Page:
Sevier County Schools want more state funding

Sevier County Board of Education (Source: Kyle Grainger, WVLT)

SEVIERVILLE, Tenn. (WVLT) -- Sevier County Schools say they're not getting a fair cut of Tennessee's education pie and want the state to change the way it distributes funding.

Tennessee's formula for education funding, called the Basic Education Program, or BEP, focuses on each county's ability to pay for students in their schools. In some counties, that figure is higher than others - and it's one of the highest in the state in Sevier County, where consumer spending is about $1.7 billion dollars a year.

The state averages that $1.7 billion in spending across the county's population of 90,000 to determine what the county schools can afford to pay per student in Sevier County schools. But the school district and hospitality alliances say that formula never takes the millions of tourists who may only spend one night into account.

"We need it. We're viewed as a very wealthy county and we're not,"said Jennifer Dyer, parent. "We are blessed, but our kids just deserve the same that other parts of the state get."

The BEP guarantees that each student in Tennessee schools has access to enough funding for a statewide basic level of education. Any spending above that must come directly from the county or city school system. Sevier County funds about 60% of the overall schools budget with the state chipping in 40%. Every other district gets about 70% state funding and 30% local funding. Sevier County School leaders say they just want the gap closed so they can make up the $4 million that the state's not paying the county now.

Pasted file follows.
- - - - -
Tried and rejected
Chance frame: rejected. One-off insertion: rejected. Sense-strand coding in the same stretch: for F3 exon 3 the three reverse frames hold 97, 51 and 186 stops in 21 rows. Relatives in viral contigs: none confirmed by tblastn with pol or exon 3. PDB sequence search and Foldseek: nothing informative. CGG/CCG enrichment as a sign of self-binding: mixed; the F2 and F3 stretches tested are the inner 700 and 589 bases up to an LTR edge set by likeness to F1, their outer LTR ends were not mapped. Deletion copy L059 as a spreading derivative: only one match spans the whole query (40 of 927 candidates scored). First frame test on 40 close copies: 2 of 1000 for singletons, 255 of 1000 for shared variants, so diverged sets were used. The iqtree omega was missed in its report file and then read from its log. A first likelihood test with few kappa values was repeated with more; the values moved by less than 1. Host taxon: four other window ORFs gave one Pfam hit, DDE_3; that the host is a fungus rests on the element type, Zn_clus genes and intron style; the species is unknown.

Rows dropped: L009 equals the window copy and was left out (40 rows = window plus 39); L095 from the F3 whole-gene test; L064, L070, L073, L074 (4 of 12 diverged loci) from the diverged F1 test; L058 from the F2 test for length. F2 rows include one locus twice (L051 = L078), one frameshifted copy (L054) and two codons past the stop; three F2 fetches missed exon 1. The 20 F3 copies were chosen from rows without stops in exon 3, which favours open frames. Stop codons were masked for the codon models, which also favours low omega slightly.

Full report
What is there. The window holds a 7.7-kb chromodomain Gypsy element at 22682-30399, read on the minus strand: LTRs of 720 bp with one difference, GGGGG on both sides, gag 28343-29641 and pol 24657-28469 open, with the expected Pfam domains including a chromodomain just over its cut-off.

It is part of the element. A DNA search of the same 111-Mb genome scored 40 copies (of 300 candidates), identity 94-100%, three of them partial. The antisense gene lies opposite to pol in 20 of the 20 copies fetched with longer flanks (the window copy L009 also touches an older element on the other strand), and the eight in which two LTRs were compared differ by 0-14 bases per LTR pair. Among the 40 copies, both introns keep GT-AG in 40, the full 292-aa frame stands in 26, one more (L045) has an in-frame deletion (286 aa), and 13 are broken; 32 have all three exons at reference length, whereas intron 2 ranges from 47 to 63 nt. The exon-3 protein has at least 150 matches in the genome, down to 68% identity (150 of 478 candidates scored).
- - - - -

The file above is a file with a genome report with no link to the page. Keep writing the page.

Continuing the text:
"If a child was in Knox County, they would get $349 dollars more each year from the state of TN," said Karen King, Sevier County Schools Finance Director. "Education is the most precious commodity any community has. Education is important and Sevier County does not want to be left behind."

Under the BEP formula, counties put money into a statewide education fund in exchange for equal education dollars. Sevier County hospitality managers say county schools get the least amount of money from the state, but pay the most in - while county figures show just how poor county residents actually are.

The unemployment rate in Sevier County stays around 10% during off season months. 63% of the kids are on a free or reduced lunch plan, which is one of the highest rates in the state.

"We don't want to do anything to hurt the program, we just want them to look at readjusting it but there's other programs too that the BEP formula just does not work," said Ken Maples with Sevier County Hospitality.

The formula is being evaluated by the state and could change next year. The last time the formula was adjusted was in 2007.

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